(a) Case management tracks. Except those initiated by the Office of Recovery Services,all domestic relations actions, as defined in Rule 26.1, will be set for a case management conference before the court, or a case manager assigned by the court, after an answer to the action is filed. At the case management conference, the court or a case manager assigned by the court must determine into which of the following tracks the case will be placed:
(1) Track 1: Standard Track. This category includes all cases that do not require expert witnesses or complex discovery. The court will certify a Track 1 case directly for trial. If the parties have not yet mediated, the court will order the parties to participate in good faith mediation before the trial takes place.
(2) Track 2: Complex Discovery Track. This category includes cases with complex issues that require extraordinary discovery, such as valuation of a business. For a Track 2 case, at the case management conference the court will set a discovery schedule with input from the parties and schedule the case for a pretrial hearing.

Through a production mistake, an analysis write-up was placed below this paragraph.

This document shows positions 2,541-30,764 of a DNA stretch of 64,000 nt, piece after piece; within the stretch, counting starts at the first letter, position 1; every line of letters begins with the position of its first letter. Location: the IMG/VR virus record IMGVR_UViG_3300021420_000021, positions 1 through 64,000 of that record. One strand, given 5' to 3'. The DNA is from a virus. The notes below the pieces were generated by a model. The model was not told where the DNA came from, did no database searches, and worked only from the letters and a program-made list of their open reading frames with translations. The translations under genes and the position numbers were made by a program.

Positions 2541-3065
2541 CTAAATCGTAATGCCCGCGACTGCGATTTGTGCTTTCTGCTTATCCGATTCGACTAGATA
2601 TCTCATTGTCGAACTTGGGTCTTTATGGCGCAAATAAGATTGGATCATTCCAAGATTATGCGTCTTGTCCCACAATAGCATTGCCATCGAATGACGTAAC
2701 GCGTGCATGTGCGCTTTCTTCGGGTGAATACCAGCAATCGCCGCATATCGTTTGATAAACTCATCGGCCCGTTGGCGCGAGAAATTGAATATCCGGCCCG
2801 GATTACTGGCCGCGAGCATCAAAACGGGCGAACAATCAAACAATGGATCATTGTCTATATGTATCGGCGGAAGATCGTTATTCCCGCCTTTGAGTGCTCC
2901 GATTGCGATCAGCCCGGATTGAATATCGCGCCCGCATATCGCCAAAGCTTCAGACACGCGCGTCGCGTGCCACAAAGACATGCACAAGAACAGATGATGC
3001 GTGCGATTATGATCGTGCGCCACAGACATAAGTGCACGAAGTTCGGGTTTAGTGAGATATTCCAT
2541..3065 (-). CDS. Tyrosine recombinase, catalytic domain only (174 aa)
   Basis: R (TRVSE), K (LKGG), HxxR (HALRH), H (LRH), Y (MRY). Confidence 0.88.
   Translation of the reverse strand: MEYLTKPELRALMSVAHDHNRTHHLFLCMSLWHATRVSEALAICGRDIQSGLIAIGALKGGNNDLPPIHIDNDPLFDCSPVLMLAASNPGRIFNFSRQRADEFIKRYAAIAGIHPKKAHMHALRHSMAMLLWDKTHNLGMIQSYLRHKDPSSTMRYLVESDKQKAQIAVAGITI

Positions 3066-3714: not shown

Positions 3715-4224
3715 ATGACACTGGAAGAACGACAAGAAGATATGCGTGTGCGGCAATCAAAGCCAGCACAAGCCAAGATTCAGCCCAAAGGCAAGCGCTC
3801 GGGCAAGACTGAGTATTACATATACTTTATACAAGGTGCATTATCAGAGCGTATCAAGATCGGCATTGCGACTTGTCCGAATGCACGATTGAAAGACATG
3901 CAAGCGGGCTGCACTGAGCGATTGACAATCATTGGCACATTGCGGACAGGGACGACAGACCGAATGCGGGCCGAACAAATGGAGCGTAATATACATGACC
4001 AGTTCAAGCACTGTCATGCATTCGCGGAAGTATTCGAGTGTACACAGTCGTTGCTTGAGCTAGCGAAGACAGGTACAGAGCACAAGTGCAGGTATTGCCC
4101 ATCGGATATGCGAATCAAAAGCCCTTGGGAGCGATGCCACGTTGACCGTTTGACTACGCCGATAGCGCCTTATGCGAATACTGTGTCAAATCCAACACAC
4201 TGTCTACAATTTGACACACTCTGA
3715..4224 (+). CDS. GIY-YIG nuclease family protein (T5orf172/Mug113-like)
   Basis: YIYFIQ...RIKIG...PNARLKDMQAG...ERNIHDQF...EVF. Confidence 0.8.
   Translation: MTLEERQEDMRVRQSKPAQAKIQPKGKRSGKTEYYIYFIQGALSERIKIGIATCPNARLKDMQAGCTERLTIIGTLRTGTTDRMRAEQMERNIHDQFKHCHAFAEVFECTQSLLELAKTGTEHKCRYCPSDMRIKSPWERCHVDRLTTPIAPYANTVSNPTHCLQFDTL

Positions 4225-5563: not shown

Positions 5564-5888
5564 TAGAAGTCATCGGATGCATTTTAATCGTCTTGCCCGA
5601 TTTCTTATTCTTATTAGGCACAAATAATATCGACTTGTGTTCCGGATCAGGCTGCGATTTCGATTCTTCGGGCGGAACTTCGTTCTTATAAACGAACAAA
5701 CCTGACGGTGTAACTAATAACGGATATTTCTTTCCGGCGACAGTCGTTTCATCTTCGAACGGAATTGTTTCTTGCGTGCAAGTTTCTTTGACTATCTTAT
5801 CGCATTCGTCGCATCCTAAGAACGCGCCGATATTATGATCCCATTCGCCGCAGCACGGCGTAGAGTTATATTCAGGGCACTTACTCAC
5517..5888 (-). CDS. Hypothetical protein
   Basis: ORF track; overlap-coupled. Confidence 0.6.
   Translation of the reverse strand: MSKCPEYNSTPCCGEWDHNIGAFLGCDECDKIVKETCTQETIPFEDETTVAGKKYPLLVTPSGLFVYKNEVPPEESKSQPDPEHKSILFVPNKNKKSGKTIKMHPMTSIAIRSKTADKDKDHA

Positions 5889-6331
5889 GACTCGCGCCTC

(3) Track 3: Significant Custody Dispute Track. This category includes cases with significant custody disputes, including custody disputes involving allegations of child abuse or domestic violence. For a Track 3 case, at the case management conference the court and parties will address: 1) whether a custody evaluation is necessary, and, if so, the form of the evaluation and appointment considerations; and 2) whether appointment of a private guardian ad litem is necessary, and if so, the scope of the appointment and apportionment of costs. The court will prepare and issue any resulting orders appointing a custody evaluator or guardian ad litem and schedule the case for either a pretrial hearing or a custody evaluation settlement conference.
(b) The court may set additional hearings as necessary under Rules 16 or 101. Nothing in this rule prohibits a court from assigning a case to more than one track, at the court’s discretion, or otherwise managing a case differently from the above guidelines for good cause.